Multimedia extraordinaire Grover Massenburg to retire

Amelia Bergeron

Grover Massenburg spends his day in a computer-congested classroom teaching countless students to design apps and websites. Through his career, mentoring students has been a rewarding experience for Massenburg, but he plans to retire at the end of the school year.

Growing up in DC on Capitol Hill, Massenburg attended McKinley Technical High School, where he studied fine arts. This included drawing, painting, and some woodworking. After graduating high school, Massenburg attended American University, where he found a calling in the music business while working at a cabinet shop.

During his time at the shop, Massenburg was tasked with making speakers for a friend. The friend introduced Massenburg to Local 22, a labor union focused on the production of art. “He was a member of Local 22 at the time and that allowed me to go onto two major performances,” Massenburg explained. In Local 22, Massenburg became a union stagehand tasked with moving props and setting up for performances. This job has brought him to renowned places including the Kennedy Center and Warner Theater. 

As another side hobby, Massenburg is a photographer. He recently had a show at the DC Commission for the Arts featuring black landscape photographs. His experiences in the artistic field influenced his decision to attend the Corcoran School of the Arts and ultimately earn a bachelor’s degree from the University of the District of Columbia (UDC) in fine arts. 

Simultaneously, Massenburg began his career as a graphic design teacher, a track he did not initially choose for himself. “I started teaching at UDC. A couple of professors over there wanted me to teach because I knew the software at the time and it was all new to everybody. It wasn’t something I had decided to do on my own,” he said. 

Courtesy of Grover Massenburg

After teaching at UDC for a few years, former Wilson assistant principal Kenny Dickerson asked if he wanted to teach at Wilson. Teaching high school was a new experience, but rewarding nonetheless. “I enjoy sharing with students, I enjoy unlocking genius,” he said.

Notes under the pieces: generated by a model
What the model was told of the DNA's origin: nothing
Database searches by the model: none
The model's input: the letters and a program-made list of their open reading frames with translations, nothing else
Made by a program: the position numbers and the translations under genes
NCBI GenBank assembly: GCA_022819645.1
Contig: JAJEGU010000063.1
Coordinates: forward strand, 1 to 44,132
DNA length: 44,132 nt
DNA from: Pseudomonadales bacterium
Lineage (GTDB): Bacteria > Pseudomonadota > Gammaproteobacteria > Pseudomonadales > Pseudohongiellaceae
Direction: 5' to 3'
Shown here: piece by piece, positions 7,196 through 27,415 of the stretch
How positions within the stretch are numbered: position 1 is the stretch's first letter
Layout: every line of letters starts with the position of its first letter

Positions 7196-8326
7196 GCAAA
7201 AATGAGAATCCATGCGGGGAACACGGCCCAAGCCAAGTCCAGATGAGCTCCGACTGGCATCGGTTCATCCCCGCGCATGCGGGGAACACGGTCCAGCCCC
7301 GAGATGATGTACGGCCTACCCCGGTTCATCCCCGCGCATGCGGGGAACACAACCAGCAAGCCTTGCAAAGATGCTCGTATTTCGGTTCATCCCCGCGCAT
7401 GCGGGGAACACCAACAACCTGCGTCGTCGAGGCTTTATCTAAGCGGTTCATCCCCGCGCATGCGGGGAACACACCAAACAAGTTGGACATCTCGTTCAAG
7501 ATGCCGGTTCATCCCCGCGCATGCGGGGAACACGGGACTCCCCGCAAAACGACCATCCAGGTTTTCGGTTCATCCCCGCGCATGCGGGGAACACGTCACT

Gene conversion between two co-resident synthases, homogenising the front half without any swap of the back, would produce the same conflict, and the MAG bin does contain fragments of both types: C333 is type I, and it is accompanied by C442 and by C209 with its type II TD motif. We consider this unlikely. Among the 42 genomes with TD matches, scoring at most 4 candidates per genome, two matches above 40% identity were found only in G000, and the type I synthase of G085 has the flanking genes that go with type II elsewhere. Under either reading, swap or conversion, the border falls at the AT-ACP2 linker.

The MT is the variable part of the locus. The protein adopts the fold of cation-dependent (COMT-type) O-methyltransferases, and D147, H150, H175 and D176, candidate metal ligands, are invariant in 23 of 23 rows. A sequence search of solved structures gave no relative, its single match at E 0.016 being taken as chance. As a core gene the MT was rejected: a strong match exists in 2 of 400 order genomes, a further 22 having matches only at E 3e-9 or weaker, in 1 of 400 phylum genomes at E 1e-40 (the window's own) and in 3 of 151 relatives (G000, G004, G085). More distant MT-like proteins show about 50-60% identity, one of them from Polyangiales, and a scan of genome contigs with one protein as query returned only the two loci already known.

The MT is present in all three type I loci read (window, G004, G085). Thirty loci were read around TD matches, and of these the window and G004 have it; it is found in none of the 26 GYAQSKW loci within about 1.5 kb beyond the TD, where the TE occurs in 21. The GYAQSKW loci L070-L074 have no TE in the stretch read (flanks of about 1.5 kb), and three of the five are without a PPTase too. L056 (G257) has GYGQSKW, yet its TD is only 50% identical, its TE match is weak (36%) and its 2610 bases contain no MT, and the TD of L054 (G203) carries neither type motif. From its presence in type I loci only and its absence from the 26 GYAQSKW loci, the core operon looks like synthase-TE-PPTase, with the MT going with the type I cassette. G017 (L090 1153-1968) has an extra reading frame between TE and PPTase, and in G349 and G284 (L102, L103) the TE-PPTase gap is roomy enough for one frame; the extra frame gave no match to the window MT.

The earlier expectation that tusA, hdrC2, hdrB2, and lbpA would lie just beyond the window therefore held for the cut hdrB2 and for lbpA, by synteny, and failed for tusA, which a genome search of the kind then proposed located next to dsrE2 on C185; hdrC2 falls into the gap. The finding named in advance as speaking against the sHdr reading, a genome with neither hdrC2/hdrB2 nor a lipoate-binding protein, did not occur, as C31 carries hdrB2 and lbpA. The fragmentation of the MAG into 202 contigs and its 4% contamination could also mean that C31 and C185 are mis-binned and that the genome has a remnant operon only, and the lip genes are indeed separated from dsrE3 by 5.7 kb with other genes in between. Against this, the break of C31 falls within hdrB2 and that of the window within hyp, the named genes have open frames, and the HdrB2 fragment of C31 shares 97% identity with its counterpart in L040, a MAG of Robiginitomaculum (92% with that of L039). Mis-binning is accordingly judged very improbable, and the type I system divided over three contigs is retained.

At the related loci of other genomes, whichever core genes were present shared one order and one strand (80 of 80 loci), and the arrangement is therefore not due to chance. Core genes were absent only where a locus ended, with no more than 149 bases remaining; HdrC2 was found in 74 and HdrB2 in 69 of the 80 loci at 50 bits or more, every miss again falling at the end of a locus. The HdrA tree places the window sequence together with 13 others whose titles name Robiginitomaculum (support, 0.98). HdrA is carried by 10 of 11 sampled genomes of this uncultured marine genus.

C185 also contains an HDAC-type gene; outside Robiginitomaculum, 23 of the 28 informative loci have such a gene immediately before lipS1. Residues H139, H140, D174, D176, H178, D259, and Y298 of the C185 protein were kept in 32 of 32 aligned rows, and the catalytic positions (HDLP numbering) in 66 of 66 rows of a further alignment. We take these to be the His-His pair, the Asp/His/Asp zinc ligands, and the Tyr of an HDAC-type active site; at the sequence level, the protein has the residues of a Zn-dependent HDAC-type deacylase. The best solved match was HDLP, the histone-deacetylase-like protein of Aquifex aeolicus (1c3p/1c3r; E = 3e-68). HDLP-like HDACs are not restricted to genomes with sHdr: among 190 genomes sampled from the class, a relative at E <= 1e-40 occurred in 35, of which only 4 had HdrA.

Last year, Massenburg introduced the digital design software Adobe XD to his classes. “My class was the first in DC to use that program… So you know, [my] students are getting the chance to do something nobody else is,” Massenburg explained. The program helped him and his classes stand out in DCPS because his Digital Media III classes pioneered the program. He plans to expand the usage to all of his classes this school year. The program is based on the concept of user experience and user interface (UX, UI), and he plans to have his students use it to create music apps and social media entertainment sites in the coming months. 

As this year marks Massenburg’s last year of teaching, he has started to make some plans for the future. After retiring, he wants to take some time off and then travel while photographing the world. He is also considering creating a visual design company. “I can just sit at home and folks send me the jobs and I do whatever I feel like doing,” he said.

Massenburg has enjoyed Wilson’s diversity. He described it as the “the United Nations of DCPS.” The diversity of the student body and the class choices remind him of his own high school experiences. “Wilson reminds me a lot of [Mckinley], by the different programs they offer, the diversity, all the students who out of zone came to McKinley the same way they’re coming here.” 

With all of his years of teaching, Massenburg wants to leave students with a word of advice. “Don’t waste time… because wasted time can never be recovered. Just take advantage of the opportunity because as you look back years from now, you’re going to realize the opportunity that Wilson provided.”